How do young people now use the word like?
Many people, especially youngsters, are now in the habit of inserting like into almost every sentence they utter. The word features in their speech so frequently because it is used in a variety of different ways:
- As a colloquial quotative particle.
He said that the dog was like, “preparing to attack”.
The use of a particle instead of verb to introduce a quotation is relatively common. But it is only in recent years that like has been utilised in this way.
- As a discourse particle in order to hedge.
I think he is, like, crazy
Here, the word like is used as a hedge when the speaker is trying to moderate the impact of what they are saying. Using like in this way suggests that the speaker is unsure about the veracity of what they are saying or that it might be an exaggeration.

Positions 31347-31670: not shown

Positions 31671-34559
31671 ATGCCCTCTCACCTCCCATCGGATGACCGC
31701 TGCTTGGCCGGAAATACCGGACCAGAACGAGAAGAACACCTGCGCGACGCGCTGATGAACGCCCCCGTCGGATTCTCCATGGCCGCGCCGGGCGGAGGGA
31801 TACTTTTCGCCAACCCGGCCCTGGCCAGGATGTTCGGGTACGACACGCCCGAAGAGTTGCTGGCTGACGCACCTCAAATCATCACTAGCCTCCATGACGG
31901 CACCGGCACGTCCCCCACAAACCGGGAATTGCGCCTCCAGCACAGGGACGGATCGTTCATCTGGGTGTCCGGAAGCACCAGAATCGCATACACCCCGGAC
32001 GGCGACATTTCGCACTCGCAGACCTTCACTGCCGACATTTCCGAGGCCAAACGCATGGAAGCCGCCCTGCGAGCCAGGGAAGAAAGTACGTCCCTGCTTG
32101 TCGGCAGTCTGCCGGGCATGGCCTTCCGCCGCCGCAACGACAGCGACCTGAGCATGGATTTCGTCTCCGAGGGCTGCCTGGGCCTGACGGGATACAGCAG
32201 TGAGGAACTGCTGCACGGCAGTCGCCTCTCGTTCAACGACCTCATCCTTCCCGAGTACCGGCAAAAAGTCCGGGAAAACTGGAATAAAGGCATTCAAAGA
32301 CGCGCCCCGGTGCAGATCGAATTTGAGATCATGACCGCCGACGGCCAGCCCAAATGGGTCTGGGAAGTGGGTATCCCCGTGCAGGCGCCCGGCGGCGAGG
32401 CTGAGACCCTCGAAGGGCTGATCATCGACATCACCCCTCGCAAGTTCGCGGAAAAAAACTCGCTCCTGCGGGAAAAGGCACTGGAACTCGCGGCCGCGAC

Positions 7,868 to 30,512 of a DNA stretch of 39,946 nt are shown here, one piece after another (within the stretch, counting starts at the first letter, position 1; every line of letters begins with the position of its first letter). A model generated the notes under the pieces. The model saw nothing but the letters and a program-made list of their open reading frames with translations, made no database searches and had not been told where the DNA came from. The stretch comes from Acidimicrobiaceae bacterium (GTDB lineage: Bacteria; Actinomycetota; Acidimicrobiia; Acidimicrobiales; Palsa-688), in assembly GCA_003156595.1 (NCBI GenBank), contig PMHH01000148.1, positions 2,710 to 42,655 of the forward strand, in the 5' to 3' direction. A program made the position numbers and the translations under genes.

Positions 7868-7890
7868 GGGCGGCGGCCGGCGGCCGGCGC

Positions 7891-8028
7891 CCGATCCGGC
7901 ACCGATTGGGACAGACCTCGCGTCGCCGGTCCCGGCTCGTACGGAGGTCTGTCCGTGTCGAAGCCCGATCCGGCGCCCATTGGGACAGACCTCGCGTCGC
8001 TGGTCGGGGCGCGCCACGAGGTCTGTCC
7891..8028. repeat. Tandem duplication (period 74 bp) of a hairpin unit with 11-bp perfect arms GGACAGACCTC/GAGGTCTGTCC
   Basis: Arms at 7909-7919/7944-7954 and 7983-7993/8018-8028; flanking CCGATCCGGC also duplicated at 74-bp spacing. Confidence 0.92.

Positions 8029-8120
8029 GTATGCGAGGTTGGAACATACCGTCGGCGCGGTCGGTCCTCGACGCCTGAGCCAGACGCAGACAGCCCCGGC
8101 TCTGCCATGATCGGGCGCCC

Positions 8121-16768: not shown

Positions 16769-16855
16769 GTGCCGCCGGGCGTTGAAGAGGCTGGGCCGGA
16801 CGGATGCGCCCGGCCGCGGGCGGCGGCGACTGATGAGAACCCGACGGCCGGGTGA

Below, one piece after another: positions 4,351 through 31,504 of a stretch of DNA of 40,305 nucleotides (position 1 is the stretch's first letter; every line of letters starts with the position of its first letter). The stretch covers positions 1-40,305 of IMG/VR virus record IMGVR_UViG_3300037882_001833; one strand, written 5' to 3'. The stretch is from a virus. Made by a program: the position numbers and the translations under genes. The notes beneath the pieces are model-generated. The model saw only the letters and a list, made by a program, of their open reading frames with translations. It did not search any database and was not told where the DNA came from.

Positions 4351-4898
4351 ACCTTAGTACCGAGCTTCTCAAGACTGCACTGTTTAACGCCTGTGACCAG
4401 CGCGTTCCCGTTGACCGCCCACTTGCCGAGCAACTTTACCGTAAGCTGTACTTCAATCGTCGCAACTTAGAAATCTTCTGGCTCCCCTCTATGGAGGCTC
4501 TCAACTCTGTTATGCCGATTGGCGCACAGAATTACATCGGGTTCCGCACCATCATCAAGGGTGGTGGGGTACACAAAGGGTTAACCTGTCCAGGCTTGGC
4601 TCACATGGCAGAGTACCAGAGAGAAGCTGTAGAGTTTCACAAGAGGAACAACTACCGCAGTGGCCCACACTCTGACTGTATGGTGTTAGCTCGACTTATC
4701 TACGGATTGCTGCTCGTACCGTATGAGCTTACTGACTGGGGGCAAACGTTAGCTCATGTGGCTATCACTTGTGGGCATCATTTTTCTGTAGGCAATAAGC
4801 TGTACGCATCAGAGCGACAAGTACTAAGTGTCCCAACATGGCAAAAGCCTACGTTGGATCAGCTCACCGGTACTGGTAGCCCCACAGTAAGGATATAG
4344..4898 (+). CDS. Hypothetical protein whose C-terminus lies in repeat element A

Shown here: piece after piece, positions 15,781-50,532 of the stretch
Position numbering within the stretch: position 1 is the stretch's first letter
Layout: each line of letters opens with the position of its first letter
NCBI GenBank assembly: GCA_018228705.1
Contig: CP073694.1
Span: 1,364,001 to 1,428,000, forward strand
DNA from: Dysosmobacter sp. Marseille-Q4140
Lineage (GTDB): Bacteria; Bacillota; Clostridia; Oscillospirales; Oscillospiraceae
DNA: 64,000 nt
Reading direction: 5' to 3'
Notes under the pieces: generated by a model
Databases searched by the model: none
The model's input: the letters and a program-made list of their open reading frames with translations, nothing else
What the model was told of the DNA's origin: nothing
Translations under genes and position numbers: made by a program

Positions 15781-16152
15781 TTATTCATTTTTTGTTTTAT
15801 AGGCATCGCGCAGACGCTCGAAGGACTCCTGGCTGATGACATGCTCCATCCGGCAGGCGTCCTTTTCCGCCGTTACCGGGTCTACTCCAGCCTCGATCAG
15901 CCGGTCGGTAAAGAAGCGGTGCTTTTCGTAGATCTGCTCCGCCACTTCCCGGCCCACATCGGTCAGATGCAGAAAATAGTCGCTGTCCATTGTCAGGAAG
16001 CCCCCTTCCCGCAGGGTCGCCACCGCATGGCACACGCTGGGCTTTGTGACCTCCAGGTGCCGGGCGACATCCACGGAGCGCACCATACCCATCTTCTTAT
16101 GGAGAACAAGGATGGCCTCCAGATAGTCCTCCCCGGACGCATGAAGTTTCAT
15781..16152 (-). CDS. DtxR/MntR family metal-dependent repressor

- As a discourse particle which is a filler.
I have been thinking about where to go tomorrow as, like, it might rain
The word like is used here in place of um or ah. The word signals that the speaker is pausing and prevents other from interrupting.
- As a means of indicating that the speaker is about to counter the expectation of their listener.
There was, like, a heatwave in Iceland
Here, the speaker is aware that what they are about to say might be unexpected or surprising.